On Thursday, 30 March, MEPs almost fully adopted the text proposed by the European Parliament’s Committee on the Environment, Public Health and Food Safety (ENVI) (Rapporteur Bas Eickhout, Member of Parliament for the Greens/European Free Alliance) on the revision of the EU legislative framework on fluorinated gas (F-gas) emissions with 426 votes in favour, 109 against and 52 abstentions. With this decision, the Parliament embraced a very ambitious position, advocating the phasing out of fluorinated greenhouse gases by 2050.
The main measures of the Parliament’s position are the acceleration of the current phase-down of HFCs in the EU to complete phase-out by 2050 and the introduction of bans on new HFC-based equipment in a number of sectors, including smaller heat pumps and air conditioning systems.
In particular, the main amendments approved include:

  • Bans on the use of fluorinated gases in:
    • stationary refrigeration equipment from 1 January 2027;
    • refrigerated transport equipment in refrigerated vans and ships from 2027; in refrigerated trailers and containers from 1 January 2029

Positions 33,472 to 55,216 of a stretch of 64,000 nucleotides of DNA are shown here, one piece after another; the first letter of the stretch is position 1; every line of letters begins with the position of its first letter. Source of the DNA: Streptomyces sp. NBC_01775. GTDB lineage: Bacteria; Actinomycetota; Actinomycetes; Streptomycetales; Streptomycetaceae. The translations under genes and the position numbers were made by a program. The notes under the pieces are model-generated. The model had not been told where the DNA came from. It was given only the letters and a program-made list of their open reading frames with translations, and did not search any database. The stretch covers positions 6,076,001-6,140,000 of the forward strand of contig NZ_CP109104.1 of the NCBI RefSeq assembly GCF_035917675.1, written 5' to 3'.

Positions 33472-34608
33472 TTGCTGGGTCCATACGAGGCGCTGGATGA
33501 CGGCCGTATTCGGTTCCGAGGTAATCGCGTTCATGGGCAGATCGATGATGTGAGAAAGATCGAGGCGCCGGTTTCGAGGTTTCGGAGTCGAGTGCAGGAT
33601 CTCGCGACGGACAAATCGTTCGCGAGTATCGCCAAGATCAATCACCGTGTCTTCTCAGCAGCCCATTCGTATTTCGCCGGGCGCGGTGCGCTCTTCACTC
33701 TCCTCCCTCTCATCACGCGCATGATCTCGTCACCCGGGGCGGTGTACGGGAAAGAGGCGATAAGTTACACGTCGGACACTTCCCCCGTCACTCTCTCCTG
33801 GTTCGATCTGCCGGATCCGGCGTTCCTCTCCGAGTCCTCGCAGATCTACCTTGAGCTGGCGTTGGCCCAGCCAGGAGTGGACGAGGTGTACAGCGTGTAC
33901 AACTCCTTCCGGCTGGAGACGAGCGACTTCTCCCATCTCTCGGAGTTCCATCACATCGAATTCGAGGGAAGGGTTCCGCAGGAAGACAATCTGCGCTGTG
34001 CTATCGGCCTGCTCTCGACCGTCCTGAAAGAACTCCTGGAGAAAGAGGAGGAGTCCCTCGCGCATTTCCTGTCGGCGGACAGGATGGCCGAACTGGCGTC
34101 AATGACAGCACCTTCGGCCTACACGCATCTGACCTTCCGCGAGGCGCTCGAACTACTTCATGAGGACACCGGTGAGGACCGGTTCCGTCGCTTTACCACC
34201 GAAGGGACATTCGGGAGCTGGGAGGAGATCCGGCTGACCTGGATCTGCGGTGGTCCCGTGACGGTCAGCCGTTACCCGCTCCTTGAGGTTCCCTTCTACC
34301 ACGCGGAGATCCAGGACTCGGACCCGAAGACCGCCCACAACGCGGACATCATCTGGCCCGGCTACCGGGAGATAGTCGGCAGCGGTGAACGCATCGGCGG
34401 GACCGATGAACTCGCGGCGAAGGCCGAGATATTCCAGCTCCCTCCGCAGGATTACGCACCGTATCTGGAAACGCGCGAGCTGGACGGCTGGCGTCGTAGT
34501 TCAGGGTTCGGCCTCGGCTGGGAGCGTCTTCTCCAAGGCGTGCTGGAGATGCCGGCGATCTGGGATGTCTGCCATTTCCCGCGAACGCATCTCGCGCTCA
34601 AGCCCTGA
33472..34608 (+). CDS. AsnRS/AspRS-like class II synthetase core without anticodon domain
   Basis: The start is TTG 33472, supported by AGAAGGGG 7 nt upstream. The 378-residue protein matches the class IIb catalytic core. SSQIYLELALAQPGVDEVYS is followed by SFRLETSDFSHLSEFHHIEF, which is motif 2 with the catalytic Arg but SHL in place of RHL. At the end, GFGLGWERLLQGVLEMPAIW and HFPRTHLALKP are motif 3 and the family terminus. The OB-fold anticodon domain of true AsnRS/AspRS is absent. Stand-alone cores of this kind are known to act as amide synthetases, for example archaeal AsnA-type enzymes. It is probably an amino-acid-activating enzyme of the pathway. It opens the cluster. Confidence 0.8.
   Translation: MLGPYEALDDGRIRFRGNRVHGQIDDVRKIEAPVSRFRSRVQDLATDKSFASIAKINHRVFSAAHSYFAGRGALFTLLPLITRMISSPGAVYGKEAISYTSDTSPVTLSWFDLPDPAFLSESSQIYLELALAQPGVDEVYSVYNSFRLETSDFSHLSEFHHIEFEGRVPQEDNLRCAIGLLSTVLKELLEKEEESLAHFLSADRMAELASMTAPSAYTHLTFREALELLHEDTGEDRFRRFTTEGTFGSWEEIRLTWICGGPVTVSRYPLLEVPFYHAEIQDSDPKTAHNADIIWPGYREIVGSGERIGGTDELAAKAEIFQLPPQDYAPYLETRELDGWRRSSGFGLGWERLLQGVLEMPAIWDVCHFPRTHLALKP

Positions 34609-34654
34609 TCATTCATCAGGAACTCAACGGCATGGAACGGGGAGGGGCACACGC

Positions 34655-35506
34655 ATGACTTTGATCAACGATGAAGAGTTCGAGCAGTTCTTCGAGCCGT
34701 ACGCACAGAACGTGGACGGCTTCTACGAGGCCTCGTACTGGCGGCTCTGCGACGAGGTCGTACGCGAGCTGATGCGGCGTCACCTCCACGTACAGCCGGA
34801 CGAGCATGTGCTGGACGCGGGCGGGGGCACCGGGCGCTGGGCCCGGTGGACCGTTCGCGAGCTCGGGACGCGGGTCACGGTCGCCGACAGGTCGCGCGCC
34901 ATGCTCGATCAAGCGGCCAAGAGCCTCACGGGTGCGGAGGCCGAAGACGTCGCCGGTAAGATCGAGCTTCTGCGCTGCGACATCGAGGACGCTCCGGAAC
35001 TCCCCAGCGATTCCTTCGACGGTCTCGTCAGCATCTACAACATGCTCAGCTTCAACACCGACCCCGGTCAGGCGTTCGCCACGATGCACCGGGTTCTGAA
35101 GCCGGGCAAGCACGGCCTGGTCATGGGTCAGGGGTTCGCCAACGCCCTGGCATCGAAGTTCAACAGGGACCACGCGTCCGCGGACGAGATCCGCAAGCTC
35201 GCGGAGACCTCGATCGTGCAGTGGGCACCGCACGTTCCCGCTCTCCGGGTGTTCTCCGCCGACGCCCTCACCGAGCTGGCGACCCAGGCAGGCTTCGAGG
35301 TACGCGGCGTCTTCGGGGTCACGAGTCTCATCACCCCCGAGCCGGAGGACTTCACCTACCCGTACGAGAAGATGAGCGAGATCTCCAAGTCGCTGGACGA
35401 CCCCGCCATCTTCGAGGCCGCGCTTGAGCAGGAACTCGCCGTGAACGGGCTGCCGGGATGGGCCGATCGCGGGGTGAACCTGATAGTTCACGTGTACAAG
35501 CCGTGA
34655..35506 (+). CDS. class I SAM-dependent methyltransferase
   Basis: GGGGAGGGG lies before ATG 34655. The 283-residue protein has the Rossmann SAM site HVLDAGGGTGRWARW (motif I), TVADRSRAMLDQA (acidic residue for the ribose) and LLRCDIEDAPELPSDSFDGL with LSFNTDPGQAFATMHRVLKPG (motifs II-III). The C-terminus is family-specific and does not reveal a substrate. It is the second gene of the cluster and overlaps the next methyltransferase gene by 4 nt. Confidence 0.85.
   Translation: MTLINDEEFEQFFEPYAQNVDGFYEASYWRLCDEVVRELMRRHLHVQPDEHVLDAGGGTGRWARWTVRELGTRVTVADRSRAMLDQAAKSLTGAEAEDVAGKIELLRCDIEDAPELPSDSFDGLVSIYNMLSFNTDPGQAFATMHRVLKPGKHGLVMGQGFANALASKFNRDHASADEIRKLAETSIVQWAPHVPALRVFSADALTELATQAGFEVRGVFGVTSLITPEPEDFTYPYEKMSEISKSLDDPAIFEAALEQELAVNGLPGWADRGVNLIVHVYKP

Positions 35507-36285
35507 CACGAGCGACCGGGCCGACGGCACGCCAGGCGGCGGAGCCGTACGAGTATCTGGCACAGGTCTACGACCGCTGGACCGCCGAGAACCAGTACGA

• air-conditioning equipment and plug-in, packaged and other self-contained heat pumps containing fluorinated greenhouse gases from 1 January 2026
    • single-split systems, including fixed double duct systems, containing less than 3 kg of fluorinated greenhouse gases listed in Annex I, which contain or whose operation depends on fluorinated gases from 1 January 2028
    • split systems of nominal capacity up to and including 12kW from 1 January 2028;
    • split systems with rated capacity greater than 12kW and up to 200kW, prohibition of use of refrigerant with GWP equal to or greater than 750, except where compliance with safety standards is required from 1 January 2028
    • split systems with a rated capacity above 200 kW from 1 January 2028.

The European Parliament also voted to include bans on the use of F-gases in other sectors, such as chillers, foams, transport refrigeration and technical aerosols. It also adopted measures to tackle illegal trade in HFCs, to require mandatory extension of producer responsibility and to increase the price of the quota to EUR 5, with periodic increases over time to accommodate phase-downs and ensure a steady revenue stream. Finally, the proposed amendments ban the export of equipment containing greenhouse gases to third countries.
For now, however, the regulation is far from complete. The European Parliament will first start negotiations with the European Council, then the trialogue between the European Parliament, the Commission and the Council will begin. An agreement is expected to be reached before the summer.